Re: [xsl] When are <!DOCTYPE> and svg namespace references material?

Subject: Re: [xsl] When are <!DOCTYPE> and svg namespace references material?
From: "C. M. Sperberg-McQueen" <cmsmcq@xxxxxxxxxxxxxxxxx>
Date: Wed, 3 Feb 2010 12:01:47 -0700
On 3 Feb 2010, at 10:57 , Ylvisaker, Steve wrote:

There is a concern that our SVG graphics implementation may be introducing external reference dependencies outside our local network. An example graphic is:

<?xml version="1.0" encoding="utf-8"?>
<!DOCTYPE svg PUBLIC "-//W3C//DTD SVG 1.1//EN" " ">
<svg version="1.1" xmlns=""; xmlns:xlink=" " x="0px" y="0px" width="357.553px" height="216.893px" viewBox="0 0 357.553 216.893" enable-background="new 0 0 357.553 216.893" xml:space="preserve">

Our graphics are, for the most part, generated by Adobe Illustrator CS3 but we are running xslt transformations against them with Saxon and viewing the graphics with a variety of tools: Firefox, InkScape, Ai CS3, Antenna House formatter and Saxon-PE

I have isolated my work station (no corporate network or internet) and all of these applications work fine. But I don't know if they are trying to make an external reference, failing and driving on, or if the <!DOCTYPE> and W3 name space references are little more than documentation.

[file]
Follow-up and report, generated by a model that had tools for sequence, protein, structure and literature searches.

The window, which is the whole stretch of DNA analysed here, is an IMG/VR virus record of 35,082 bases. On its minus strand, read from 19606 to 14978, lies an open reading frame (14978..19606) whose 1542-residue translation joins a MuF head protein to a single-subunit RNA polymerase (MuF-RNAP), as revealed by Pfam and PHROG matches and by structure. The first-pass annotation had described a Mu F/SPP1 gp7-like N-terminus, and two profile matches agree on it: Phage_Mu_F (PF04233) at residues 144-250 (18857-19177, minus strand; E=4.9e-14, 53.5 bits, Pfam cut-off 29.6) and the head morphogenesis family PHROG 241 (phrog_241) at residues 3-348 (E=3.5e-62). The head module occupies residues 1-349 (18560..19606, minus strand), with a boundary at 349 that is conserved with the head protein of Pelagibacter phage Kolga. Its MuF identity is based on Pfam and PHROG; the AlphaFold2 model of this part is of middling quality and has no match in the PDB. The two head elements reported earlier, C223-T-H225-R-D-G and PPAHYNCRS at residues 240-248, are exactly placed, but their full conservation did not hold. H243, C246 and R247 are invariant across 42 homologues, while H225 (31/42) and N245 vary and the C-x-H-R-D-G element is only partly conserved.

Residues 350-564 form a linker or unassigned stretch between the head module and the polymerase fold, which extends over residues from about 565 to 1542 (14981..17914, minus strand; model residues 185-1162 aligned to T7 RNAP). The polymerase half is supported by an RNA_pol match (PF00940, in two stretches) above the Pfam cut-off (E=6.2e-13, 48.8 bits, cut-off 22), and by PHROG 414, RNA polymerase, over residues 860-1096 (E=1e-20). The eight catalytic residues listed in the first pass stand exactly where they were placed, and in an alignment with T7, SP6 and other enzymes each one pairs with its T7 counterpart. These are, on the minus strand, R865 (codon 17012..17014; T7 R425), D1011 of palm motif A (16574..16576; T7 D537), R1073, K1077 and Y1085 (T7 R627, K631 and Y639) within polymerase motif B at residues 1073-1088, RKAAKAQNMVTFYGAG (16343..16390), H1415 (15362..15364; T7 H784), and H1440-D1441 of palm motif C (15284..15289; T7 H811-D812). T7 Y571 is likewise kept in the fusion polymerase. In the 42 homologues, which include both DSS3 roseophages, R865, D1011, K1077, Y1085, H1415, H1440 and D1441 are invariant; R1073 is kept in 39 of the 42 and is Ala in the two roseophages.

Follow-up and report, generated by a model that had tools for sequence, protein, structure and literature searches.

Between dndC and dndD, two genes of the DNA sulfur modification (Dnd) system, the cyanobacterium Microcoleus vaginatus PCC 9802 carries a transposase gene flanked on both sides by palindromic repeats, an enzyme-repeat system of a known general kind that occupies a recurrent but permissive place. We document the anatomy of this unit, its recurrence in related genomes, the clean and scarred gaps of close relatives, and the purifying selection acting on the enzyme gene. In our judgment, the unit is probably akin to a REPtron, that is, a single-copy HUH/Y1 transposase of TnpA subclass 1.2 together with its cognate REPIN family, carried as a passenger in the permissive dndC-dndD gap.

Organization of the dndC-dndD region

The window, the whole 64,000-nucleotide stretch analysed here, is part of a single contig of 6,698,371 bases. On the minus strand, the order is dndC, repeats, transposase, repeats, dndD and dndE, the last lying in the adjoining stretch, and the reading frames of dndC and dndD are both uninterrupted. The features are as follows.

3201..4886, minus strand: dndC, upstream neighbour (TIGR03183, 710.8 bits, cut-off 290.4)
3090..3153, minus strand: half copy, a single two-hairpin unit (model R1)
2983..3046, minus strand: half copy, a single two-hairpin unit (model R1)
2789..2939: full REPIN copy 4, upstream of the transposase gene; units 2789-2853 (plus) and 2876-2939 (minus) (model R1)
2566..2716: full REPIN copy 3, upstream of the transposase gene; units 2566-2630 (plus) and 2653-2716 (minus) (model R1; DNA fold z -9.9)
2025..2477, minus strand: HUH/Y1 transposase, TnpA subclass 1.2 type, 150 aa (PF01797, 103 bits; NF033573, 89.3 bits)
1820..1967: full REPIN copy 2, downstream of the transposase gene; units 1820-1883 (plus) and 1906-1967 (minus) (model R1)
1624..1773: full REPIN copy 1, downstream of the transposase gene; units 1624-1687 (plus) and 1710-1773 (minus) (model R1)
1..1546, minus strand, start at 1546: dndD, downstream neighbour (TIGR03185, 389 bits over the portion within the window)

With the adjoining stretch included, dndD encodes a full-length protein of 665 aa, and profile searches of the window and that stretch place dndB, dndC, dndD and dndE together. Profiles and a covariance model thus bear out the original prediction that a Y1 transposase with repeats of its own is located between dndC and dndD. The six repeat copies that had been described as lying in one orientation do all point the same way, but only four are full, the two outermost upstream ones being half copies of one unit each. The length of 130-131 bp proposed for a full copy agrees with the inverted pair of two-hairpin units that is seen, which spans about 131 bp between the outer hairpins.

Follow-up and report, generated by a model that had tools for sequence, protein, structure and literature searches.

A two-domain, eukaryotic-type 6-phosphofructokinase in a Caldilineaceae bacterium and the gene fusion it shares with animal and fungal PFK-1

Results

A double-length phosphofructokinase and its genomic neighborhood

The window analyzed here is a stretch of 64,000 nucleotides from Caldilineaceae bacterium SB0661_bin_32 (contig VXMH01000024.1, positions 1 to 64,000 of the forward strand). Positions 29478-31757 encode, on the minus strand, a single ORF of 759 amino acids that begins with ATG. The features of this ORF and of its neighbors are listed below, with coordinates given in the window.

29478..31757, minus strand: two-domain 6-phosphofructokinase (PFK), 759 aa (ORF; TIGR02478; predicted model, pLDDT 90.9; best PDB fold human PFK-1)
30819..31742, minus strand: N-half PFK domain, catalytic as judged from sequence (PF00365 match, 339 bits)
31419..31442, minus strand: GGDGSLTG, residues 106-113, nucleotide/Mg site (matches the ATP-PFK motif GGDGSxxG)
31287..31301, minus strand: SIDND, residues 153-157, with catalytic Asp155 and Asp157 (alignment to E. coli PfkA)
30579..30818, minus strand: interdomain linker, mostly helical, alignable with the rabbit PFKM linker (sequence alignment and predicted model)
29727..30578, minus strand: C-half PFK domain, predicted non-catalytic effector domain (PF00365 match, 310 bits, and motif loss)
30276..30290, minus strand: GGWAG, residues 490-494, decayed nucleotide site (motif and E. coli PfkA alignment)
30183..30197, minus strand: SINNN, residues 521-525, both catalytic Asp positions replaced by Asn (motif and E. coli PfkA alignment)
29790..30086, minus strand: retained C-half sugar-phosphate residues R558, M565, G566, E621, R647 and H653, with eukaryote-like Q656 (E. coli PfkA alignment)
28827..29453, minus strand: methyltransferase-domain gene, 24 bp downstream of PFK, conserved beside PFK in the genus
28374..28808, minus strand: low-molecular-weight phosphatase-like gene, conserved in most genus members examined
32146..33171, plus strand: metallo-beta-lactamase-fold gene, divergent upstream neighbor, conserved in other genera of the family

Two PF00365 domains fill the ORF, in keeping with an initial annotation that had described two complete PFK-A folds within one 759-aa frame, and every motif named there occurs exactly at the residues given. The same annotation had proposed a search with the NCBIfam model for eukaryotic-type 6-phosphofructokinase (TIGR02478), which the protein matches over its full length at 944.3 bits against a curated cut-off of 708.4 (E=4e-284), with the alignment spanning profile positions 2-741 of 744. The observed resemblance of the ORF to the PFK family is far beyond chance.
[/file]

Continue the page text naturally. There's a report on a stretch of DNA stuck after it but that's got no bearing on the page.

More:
The only way to be certain would be to use some system utility which notices
and reports attempts to open network ports.

The short answer is that none of the relevant specs themselves require without
qualification that such network resources be read, but they also don't forbid

The longer answer has several parts.

(1) The presence of a DOCTYPE declaration does not, in principle, mean
that the external DTD file must be dereferenced, though that is often the
effect in practice.

The URI ""; given as the
system identifier for the DTD must be consulted by any processor performing
DTD-based validation on the data. The presence of a DOCTYPE declaration
does not constitute an instruction to validate the document, and in principle
it would be good if processors like Firefox allowed you to specify whether
you want validation performed or not. But in practice, many programs don't
provide that kind of user control; instead they assume that if a DOCTYPE
declaration is present, they must or should validate the document. For such
programs, a request that they read a particular document amounts in effect to